Nurse Practitioner Council of Collier County

Virtual Lobby Week 2! Please Participate!

Posted over 3 years ago by Doreen Cassarino

NPCCC and the Florida Nurse Practitioner Network is participating in a coordinated weekly Virtual Lobby Day project with the other advanced practice nursing associations in the Florida Coalition of Advanced Practice Nurses. Your involvement is imperative in order to make this a success! Each week you will be receiving an email with a prepared message. If you missed week 1...send two messages this week!

By working together with all the advanced practice nursing associations and speaking with one voice we can have a successful campaign!

Thank you in advance for your participation.

Links to finding your legislators:
House of representatives address to find representatives:

Senate link to find senators:

Educating Legislators about the proven safety of Advanced Practice Nurses

WEEK 2 Message: Please call, write or email your Legislators and tell them the following:

Dear (Representative or Senator) ______________________

My Name is __________________________. I wanted to share some important information about Advanced Practice registered Nurses ( ARNPs). Please feel free to contact me if you have any questions about ARNPs in Florida.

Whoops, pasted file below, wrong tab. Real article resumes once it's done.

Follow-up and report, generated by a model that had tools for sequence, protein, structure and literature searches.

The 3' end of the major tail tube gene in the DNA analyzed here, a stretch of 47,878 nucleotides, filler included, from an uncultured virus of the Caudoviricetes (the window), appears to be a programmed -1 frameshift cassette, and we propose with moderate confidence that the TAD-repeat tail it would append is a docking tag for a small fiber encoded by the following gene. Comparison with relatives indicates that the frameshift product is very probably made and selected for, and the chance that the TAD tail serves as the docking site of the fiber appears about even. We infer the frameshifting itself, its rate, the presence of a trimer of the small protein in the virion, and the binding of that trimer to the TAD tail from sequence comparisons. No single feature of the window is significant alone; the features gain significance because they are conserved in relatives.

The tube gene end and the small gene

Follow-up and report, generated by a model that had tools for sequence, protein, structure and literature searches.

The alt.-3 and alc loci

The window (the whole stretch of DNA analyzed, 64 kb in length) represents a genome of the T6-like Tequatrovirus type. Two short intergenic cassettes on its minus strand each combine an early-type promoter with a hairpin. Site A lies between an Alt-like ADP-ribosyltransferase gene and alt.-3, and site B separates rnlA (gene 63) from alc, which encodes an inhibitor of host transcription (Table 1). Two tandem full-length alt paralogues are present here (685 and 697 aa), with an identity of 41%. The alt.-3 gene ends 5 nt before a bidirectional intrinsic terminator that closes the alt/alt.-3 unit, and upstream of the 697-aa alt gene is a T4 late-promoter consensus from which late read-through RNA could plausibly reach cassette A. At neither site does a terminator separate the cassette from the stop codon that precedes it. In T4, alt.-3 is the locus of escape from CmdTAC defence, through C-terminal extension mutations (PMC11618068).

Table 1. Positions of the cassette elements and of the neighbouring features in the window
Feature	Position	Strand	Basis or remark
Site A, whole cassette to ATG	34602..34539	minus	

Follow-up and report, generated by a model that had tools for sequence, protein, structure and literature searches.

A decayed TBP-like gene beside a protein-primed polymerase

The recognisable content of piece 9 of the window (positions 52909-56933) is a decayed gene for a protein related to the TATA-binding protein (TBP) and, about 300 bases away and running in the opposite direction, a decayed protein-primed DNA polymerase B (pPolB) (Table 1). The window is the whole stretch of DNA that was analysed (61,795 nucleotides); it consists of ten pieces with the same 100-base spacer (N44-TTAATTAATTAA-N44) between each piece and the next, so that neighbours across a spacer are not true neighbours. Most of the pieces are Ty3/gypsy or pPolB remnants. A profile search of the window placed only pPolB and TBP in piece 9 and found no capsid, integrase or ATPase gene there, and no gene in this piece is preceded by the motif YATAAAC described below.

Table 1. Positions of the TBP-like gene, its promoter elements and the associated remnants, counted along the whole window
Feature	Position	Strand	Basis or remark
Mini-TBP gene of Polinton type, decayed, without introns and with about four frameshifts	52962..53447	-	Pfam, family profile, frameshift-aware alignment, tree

APNs: Setting the Standards of Safety

Advanced Practice Nurses (APNs) include Nurse Practitioners ("ARNP" in Florida), Certified Nurse Midwives (CNMs) and Certified Registered Nurse Anesthetists (CRNAs).

More than 50 years of research supports the safety, effectiveness and high quality of care that Advanced Practice Nurses provide to their patients. Healthcare outcomes have been found to be comparable between Advanced Practice Nurses and Physicians nationwide. Notably, patient satisfaction rates are typically higher with healthcare provided by an Advanced Practice Nurse.

The Institute of Medicine (IOM) report entitled The Future of Nursing: Leading Change, Advancing Health states, "...what nurse practitioners are able to do once they graduate varies widely for reasons that are not related to their ability, education or training, or safety concerns, but to the political decisions of the state in which they work" (page S-4).

"Full Practice Authority" laws have passed in 19 states and the District of Columbia allowing Advanced Practice Nurses to evaluate, diagnose, order and interpret diagnostic tests, initiate and manage treatments (including the ability to prescribe medication) under the exclusive licensure authority of the state Board of Nursing. No state has ever rescinded Full Practice Authority laws once passed.

"No studies suggest that care is better in states that have more restrictive scope-of-practice regulations for APNs than in those that do not. Yet most states continue to restrict the practice of APNs beyond what is warranted by either their education or their training" (IOM, page 3-13).

There are over 14,000 Advanced Practice Nurses that are licensed in the state of Florida. If they were able to provide care to their full potential, more Floridians would have access to safe, highly quality, patient-centered health care.


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